Research

People taking antidepressants are more likely to experience severe intestinal bleeding

A recent research review, published in The Journal of the American Osteopathic Association, has found that patients taking antidepressants are 40% more expected to experience severe gastrointestinal bleeding.

Specialists say individuals with depression while taking antidepressants should weigh the risks associated with these types of medications. Researchers noted that nearly 13% of Americans aged 12 and older take an antidepressant of some kind.

Therefore, risks associated with antidepressants should be considered before taking them. This is because selective serotonin reuptake inhibitors (SSRIs) have been found to carry an increased risk of internal bleeding. SSRIs are one of the most commonly prescribed classes of drugs used for the treatment of depression.

Trade names of SSRI class include Celexa, Paxil, Prozac, and Zoloft, among others. The risk is even increased when an SSRI treatment is joint with over-the-counter pain relievers.

Researchers reported that patients should be aware of this information, and weigh the benefits and risks before taking SSRIs.

Adverse side effects

Selective Serotonin Reuptake Inhibitors (SSRIs) belongs to an interesting class of drug. They are one of the most commonly prescribed drugs for depression, but the particular way they work is not yet understood.

It is supposed that these drugs limit the reabsorption, or reuptake, of serotonin into a cell, which raises the levels of serotonin.

Hence, higher levels of serotonin have been linked to a higher sense of comfort, so it may not be shocking that these drugs are often used against depression.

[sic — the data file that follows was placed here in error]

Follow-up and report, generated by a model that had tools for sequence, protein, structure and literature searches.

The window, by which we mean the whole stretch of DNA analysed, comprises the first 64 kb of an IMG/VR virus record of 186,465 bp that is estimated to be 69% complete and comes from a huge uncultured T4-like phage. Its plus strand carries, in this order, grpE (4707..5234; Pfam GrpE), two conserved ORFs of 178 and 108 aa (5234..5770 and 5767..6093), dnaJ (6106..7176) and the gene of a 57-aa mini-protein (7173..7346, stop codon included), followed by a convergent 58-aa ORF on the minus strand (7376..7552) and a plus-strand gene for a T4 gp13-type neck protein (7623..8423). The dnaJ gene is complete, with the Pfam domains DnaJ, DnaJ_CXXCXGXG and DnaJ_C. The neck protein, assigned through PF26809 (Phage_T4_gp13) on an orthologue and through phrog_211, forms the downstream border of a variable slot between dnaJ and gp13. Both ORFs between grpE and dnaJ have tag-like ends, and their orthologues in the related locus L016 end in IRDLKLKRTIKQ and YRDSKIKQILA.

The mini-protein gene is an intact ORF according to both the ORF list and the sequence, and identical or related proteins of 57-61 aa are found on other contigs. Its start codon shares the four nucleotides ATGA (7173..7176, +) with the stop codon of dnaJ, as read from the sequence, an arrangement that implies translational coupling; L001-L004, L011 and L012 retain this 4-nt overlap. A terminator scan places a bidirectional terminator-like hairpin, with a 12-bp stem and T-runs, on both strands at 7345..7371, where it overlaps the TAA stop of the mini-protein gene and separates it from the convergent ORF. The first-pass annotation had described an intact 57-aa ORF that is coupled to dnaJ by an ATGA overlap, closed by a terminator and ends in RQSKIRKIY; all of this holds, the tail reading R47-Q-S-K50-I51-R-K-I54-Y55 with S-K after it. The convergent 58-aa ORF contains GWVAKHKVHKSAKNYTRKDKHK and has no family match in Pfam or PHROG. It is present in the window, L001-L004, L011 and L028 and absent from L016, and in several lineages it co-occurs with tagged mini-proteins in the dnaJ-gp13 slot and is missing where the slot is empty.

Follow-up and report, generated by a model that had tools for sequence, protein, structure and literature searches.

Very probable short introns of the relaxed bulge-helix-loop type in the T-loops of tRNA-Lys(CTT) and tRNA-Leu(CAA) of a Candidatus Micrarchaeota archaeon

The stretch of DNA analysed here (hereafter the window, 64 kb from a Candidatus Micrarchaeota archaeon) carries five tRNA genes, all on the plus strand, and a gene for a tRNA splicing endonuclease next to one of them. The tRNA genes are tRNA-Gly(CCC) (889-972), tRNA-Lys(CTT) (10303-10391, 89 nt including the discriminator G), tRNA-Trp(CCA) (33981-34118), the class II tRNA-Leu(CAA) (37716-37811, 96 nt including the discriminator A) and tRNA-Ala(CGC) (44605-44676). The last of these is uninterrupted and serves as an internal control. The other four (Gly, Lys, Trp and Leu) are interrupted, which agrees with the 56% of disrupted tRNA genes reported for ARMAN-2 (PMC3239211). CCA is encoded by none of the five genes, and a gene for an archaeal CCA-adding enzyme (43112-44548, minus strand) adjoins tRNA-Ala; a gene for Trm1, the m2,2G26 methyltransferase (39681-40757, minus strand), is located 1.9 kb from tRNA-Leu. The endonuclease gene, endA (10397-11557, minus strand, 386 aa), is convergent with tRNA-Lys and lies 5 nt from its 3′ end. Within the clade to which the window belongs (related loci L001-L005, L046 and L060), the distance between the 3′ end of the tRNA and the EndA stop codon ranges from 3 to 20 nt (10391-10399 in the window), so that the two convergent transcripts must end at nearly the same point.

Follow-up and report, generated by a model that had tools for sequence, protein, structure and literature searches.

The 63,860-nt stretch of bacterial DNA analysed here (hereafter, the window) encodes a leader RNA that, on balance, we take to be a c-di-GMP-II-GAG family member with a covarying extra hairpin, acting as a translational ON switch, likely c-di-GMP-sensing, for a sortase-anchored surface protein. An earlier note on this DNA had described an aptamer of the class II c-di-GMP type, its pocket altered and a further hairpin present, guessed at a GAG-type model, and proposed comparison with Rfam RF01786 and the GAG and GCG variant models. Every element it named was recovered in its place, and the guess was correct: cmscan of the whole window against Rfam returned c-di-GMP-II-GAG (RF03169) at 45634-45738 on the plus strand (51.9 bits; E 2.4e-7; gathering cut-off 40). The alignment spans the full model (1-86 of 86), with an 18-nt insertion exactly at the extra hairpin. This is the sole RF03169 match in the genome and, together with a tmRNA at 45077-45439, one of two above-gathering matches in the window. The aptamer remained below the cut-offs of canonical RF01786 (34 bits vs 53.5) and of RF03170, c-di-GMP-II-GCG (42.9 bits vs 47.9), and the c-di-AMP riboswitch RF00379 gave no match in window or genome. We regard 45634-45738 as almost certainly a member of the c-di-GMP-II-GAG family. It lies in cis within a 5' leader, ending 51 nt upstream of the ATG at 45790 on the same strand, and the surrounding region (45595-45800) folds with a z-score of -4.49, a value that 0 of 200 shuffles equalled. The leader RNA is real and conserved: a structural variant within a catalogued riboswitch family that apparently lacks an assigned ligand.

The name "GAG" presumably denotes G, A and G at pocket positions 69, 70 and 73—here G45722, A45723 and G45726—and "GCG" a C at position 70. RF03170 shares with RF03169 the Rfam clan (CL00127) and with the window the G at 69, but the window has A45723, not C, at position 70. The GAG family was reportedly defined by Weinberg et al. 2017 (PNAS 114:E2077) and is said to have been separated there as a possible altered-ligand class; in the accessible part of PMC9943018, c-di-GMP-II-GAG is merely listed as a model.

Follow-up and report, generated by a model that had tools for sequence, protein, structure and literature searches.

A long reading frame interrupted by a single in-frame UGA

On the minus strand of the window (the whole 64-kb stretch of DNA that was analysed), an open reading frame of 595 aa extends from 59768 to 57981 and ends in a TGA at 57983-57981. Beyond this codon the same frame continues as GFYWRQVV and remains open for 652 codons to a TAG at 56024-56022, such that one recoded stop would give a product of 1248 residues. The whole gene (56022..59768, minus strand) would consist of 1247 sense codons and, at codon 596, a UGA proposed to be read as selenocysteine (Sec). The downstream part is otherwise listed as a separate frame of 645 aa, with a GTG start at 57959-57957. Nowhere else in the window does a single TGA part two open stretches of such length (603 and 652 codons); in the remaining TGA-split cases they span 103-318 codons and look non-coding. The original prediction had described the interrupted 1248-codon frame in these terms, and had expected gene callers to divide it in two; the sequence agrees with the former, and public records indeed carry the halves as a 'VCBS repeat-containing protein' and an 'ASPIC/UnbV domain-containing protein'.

Other uses for these drugs include treating anxiety disorders, post-traumatic stress disorders, obsessive-compulsive disorders, and certain sexual disorders. But the list of SSRIs associated side effects is long enough to make any potential patient think twice.

One of the more common side effects of SSRIs is sexual dysfunction in both men and women. Other side effects comprise serotonin syndrome, which can be deadly.

When SSRIs combined with anticoagulants or antiplatelet drugs, there is an augmented risk of gastrointestinal bleeding. Examples consist of aspirin, nonsteroidal anti-inflammatory drugs (NSAIDs), and fish oil. Prescription medicines like warfarin (Coumadin) and clopidogrel (Plavix) will increase the risk of bleeding as well.

Education is crucial

This study does not show that SSRIs are lethal, or that people taking antidepressants should instantly cease their use. But it does place a stress on the importance of its education.

Physicians are normally aware of the bleeding risk, but patients are not. Thus, it’s vital for health professionals to help fill this knowledge gap with patients.

The telltale signs of gastrointestinal bleeding comprise dark, tarry stool or bright red blood in the stool.  The first 30 days of SSRI therapy are important when it comes to monitoring.

It is significant to weigh the hazards versus benefits of starting or continuing medicines which may increase bleeding risk, specifically since that risk may compound with simultaneous use.

Providers and pharmacologists should teach patients about detecting signs and symptoms of gastrointestinal bleeding which is more common and intracranial bleeding (less common).

Moreover, pharmacists should conduct a detailed medication history at each visit if the patient takes an SSRI to check the use of over-the-counter therapies that patients often start themselves.

The bottom line

SSRI have commonly prescribed medications like antidepressants, but they can also interact with common over-the-counter medicines in hostile ways.

One of those major side effects is the gastrointestinal bleeding risk.

It is very important to know the risk associated with any medication. Consult your physician about the medications you are taking, both prescription and nonprescription, and weigh the risks and benefits.

Ilene Johnstone

Ilene Johnstone is an author at Top Health Journal. Currently, she is working as a biochemist and researcher. She is keen on emerging research, diet, new treatments, diseases and other trending topics in health. She delivers best regarding health to viewers in the form of interesting writings.

Leave a Reply

Your email address will not be published. Required fields are marked *

Close

Adblock Detected

Please consider supporting us by disabling your ad blocker
212 Shares
Share211
Pin1
Tweet
+1